• “I hate it when they pay you by check – “So annoying. A kid like me – wants cash.”
  • “I dislike it when a parent is cheap and tries teaching you a lesson when you are late. One parent took off a dollar because I was two minutes late.  And they didn’t leave until much later!”
  • “One they had me babysit for a whole weekend and I had to stay there. At the end, they only gave $100 for 48 hours – when they took me for a whole Shabbos.”
  • “Once the parents didn’t tell me how to work the light and it was a complicated lighting situation – so I sat in the dark – for hours!”
  • “Another parent instructed us that we don’t have to hide the wrappers of the snacks that we would eat. We had actually done so on a previous occasion when they had told us that we could eat whatever we wanted. We felt a little bad that we had SO MANY wrappers.  So the last time we hid them in the garbage can. There were two of us.  But the fact that he had brought it up was very embarrassing.”
  • “We should get leeway on the bedtime. Sometimes the kid just doesn’t listen and I end up feeling so guilty when he stays up later.”
  • “I didn’t know what to say when the kid tried to call her mother from my phone. “When are you coming home, mommy?”
  • One mother said to me, ‘Oh, she’s an easy baby.’ Well maybe for the mother – but not for a stranger.  She was crying the whole time.  I asked another babysitter and she said the same thing happened.”
  • “One time, the grandmother walked down and gave me dirty looks when I was looking in the fridge and snack drawer.”
  • “It is also very awkward when the fathers drive you back. You don’t know here to sit – in the back or not.  Once I thought that the father was not such a yeshivesh person and then he said that I should sit in the back.  I felt really awkward and then I saw that he just likes to put his arm on the seat thing.”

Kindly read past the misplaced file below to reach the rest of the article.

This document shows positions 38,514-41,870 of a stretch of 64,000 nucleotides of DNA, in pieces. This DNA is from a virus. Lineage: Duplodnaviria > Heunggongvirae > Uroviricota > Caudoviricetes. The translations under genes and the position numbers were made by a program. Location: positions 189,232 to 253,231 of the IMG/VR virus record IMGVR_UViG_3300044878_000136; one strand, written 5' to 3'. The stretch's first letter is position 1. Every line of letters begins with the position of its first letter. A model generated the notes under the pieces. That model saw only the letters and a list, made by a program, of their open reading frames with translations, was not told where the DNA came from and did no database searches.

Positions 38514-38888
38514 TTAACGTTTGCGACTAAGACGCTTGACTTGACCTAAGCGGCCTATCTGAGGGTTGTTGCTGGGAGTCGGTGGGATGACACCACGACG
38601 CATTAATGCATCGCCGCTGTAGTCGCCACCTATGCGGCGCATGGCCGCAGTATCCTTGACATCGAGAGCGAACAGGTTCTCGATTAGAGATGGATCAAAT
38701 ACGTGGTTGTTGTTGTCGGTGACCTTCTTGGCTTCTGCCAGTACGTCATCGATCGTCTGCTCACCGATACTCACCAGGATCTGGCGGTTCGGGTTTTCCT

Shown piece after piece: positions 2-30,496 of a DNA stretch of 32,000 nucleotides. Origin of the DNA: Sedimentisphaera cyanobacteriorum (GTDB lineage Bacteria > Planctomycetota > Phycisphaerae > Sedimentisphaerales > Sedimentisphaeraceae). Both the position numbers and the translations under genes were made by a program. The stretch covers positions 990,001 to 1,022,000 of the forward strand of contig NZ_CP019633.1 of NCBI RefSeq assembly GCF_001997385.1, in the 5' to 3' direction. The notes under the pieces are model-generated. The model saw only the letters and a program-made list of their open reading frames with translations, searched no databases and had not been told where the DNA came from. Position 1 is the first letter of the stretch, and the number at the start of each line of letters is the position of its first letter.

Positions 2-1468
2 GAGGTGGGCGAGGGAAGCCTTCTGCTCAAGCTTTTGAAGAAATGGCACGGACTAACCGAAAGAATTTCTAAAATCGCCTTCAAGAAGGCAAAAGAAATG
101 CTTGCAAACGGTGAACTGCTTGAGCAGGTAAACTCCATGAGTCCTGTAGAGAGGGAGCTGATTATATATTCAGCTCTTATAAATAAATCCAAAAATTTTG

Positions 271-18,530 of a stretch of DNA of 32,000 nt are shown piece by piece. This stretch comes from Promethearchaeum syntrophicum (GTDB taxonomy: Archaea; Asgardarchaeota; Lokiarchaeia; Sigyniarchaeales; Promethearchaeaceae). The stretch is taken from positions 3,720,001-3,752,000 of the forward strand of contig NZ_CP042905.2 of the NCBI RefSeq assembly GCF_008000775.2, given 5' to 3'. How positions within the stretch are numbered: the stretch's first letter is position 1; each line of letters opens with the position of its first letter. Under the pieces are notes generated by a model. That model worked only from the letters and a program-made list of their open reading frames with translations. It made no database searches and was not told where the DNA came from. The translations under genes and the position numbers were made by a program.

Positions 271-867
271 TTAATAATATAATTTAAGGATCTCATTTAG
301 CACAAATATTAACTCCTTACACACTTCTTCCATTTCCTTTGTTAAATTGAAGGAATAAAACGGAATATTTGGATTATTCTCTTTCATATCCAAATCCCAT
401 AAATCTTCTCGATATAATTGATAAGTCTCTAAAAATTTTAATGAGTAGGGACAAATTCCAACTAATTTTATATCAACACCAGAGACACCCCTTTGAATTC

• “I hate it when they don’t tell you that they have pets. It can be scary.”
  • “I baby-sat at one home had a secret staircase. The father kept going one way and then appearing from a completely other direction.  This was all happening when they were getting ready to leave.”
  • “One family leaves all the medications on the window sill. The kids would eat it.  Once, I got up the gumption to tell the father that he shouldn’t leave it there.   That was very awkward.”

Many of these situations could be minimized if we apply the idea of v’ahavta l’rayacha kamocha with a little more thought.     NEXT WEEK: BABY-SITTING – THE PARENTS VIEW

The author can be reached at [email protected].  Please feel free to submit any thoughts or content.


  1. There could possibly be a problem of yichud if a father drives a girl home at night (I know of a case where a girl almost had a problem with a male driver because he was controlling the child safety lock and didn’t want to let her out. Boruch Hashem, she had a cell phone and was able to convince him to open it without anything happening.)